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On 21 September 2018, 280 million km from Earth, a roughly 1.5 square-metre cube descended towards a primitive space rock. After years of planning and 4 years in flight, this tiny spacecraft captured this ‘shadow selfie’ as it closed in on asteroid Ryugu, just 80 metres from the remnant of our Solar System’s formation, 4.6 billion years ago.
The Hayabusa2 spacecraft is operated by the Japanese Space Agency (JAXA), supported in part by ESA's Estrack Malargüe deep-space tracking station. The spacecraft carries four small landers that will investigate the asteroid’s surface, all four designed to gently fall onto the surface of the rocky boulder, taking advantage of its low gravity environment.
Around the time this remarkable picture was taken, the spacecraft released its two MINERVA-II1 rovers which have since successfully landed and demonstrated an ability to hop around this rock-strewn body.
"I cannot find words to express how happy I am that we were able to realize mobile exploration on the surface of an asteroid" enthused Yuichi Tsuda, Hayabusa2 Project Project Manager, "I am proud that Hayabusa2 was able to contribute to the creation of this technology for a new method of space exploration by surface movement on small bodies."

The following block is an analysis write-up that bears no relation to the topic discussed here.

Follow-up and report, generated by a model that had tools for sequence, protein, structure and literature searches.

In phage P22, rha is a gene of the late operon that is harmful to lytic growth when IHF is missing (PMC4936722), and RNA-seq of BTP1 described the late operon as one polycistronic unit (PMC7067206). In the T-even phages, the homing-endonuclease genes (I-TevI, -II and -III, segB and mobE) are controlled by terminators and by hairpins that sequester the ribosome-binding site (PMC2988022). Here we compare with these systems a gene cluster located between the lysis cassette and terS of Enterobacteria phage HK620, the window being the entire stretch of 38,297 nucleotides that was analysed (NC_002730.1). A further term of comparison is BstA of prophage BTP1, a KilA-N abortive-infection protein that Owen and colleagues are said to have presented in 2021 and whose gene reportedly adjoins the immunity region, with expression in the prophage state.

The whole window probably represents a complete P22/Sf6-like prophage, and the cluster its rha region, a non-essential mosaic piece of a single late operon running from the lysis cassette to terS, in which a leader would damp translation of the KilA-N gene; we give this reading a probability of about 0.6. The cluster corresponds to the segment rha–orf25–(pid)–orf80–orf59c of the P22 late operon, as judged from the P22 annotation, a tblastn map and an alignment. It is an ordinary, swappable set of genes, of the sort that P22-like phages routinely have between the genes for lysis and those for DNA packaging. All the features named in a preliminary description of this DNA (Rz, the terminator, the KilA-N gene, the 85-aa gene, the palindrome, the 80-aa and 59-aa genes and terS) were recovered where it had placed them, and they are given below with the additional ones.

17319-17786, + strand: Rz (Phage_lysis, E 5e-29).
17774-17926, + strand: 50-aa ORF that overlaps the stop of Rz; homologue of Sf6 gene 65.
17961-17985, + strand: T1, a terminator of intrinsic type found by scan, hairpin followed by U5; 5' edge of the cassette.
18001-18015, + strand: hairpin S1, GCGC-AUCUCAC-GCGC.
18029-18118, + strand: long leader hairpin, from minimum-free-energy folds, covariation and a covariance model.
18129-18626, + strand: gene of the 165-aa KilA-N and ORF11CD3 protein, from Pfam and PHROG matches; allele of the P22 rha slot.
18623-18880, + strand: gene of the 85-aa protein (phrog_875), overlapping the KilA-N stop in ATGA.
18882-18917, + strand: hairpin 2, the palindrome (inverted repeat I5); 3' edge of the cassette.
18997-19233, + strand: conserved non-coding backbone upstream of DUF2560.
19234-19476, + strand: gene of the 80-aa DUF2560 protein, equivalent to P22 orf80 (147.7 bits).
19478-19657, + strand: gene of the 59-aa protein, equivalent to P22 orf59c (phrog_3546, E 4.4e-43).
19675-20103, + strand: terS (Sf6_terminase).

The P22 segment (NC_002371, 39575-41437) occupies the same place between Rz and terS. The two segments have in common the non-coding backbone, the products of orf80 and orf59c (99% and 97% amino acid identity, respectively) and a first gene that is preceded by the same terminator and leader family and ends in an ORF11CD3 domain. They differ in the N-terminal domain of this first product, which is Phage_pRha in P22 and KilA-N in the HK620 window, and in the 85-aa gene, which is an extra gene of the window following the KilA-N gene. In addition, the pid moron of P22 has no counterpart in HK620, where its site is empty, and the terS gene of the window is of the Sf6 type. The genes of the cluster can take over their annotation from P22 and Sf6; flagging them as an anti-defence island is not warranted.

The next stage will see the Mobile Asteroid Surface Scout (MASCOT) lander released onto the asteroid’s surface. Developed by the German Aerospace Center (DLR) in cooperation with the French Space Agency (CNES) MASCOT has enough power for a 12-hour mission, in which it will analyse the asteroid’s surface at two different sites.
The Hayabusa2 spacecraft itself will collect three samples from Ryugu, bringing them back to Earth in December 2020. These strange specimens will provide insights into the composition of this carbonaceous asteroid — a type of space rock expected to preserve some of the most pristine materials in the Solar System.
As well as hopefully shining light on the origin and evolution of the inner planets, and the sources of water and organic compounds on Earth, this knowledge should help in efforts to protect our planet from marauding masses that come too close for comfort to our home planet.
Understanding the composition and characteristics of near-Earth objects is vital to defending ourselves from them, if one were to head in our direction. ESA’s proposed Hera mission to test asteroid deflection is an ambitious example of how we can get to know these ancient bodies better, all in the name of planetary defence.